As a child, I listened to the story of Saul's conversion and transformation into Paul.  The story made it sound easy; well, maybe a little scary too.  Saul is on the road to Damascus and God comes to him.  Paul's transformation overtakes him.  He does not have to choose to be transformed.

 

Cancer is like that too.  You don't choose to have cancer.  It is something that happens to you.  What I missed in the story about Saul is that he got to choose how he would respond to his transforming experience.  He could choose to accept his transforming experience or he could have fought against it and denied it.

 

I was given this story several weeks ago.  A man has lost his right lower leg.  Each day his therapists and doctors come to ask if he is ready to try on his prosthetic leg and learn to walk again.  The man turned them away each day, sometimes in tears, sometimes in anger.  "I just want my leg back."  He cannot walk forward clinging to his demand to have "my leg back".

 

My sister, Margaret, was diagnosed with breast cancer at age 40 and died 4 years later.  I witnessed her acceptance of this gift and how it transformed her.  How do you explain to yourself that this may be the last day of your life?  Is arguing with your significant other, cutting off another driver in traffic or fussing about an e-mail how you want to spend your last day?  A diagnosis of cancer brings that question right up into your face.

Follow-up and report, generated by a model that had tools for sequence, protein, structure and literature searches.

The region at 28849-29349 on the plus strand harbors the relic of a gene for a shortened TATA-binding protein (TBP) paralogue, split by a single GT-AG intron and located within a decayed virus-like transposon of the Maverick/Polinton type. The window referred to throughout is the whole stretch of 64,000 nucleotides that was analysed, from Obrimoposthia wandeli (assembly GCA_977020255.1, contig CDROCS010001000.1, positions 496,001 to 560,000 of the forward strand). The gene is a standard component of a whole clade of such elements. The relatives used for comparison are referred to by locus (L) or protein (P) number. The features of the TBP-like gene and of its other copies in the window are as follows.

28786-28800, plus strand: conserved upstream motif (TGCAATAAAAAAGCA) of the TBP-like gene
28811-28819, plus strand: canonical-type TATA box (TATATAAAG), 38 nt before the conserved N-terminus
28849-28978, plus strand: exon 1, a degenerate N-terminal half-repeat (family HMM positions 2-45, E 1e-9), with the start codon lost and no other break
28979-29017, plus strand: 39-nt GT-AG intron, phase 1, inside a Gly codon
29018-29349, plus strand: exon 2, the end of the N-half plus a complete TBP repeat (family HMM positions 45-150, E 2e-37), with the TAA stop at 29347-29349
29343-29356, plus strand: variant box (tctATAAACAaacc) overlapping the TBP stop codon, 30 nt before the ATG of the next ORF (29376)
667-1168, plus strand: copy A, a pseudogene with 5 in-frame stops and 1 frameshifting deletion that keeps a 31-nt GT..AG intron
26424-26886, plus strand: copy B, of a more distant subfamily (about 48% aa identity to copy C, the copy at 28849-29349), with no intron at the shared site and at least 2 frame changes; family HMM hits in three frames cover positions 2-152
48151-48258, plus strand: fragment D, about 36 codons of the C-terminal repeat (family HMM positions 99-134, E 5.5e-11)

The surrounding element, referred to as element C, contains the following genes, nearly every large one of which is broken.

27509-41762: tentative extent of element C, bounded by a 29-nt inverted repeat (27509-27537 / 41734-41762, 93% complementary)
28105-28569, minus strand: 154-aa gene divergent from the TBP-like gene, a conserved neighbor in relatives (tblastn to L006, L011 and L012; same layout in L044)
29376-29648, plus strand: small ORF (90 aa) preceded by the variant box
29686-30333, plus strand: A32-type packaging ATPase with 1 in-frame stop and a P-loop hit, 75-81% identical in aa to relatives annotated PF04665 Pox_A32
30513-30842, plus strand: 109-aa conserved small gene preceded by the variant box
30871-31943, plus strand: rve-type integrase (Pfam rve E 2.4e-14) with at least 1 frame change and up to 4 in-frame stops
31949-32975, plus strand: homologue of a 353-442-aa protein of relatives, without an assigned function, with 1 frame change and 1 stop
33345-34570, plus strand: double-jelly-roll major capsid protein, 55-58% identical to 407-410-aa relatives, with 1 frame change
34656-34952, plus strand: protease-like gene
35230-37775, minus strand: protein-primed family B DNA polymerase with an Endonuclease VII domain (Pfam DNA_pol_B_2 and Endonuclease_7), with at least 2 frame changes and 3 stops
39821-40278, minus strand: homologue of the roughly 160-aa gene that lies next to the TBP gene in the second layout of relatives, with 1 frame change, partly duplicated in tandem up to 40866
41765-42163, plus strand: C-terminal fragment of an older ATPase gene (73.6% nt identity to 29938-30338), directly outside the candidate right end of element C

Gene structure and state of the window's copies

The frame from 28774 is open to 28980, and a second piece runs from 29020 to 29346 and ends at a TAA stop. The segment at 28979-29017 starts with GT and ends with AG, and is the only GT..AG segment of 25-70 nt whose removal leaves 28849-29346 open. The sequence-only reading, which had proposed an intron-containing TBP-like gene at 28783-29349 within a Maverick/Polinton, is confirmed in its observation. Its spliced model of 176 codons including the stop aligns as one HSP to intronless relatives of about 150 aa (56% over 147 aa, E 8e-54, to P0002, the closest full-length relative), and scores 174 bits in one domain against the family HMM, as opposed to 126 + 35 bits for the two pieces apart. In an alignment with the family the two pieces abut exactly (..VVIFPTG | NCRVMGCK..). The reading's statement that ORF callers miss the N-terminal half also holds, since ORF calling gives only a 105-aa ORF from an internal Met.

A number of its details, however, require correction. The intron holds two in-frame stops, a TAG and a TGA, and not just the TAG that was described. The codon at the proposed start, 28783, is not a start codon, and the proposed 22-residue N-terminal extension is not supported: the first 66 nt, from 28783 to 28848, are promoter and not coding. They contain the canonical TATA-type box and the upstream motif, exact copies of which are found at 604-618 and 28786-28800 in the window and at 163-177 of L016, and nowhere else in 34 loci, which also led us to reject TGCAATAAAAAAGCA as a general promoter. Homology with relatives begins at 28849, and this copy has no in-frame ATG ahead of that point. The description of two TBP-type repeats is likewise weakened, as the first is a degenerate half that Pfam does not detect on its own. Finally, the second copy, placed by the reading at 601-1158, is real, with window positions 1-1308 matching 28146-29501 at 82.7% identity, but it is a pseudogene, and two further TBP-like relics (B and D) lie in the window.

Margaret set her priorities and I think that they were good ones.  With her limited time and energy, she loved her children and husband, she reached out to her family and she looked for God. 

 

Some of her decisions were unpleasant.  Yes, she wanted to see me but if I came for a visit, I needed to leave my dog at home.  She wanted my full attention.  Nor could she take care of ME as I grieved over losing her.  She had her own hard work to do.

 

I watched her strip away the unimportant things in her life.  She simplified the questions of what was important.  Will this question or decision matter in a day, a week or a year?

 

Shortly after Margaret died in 1993, I gave a First Word message about her life, death and transformation.  I ruefully commented that I didn't want to get breast cancer in order to experience transformation in my life.   Margaret has been my mentor for my own life with breast cancer.  How will I spend this day, week or year that God has given me?

Rosalie Movius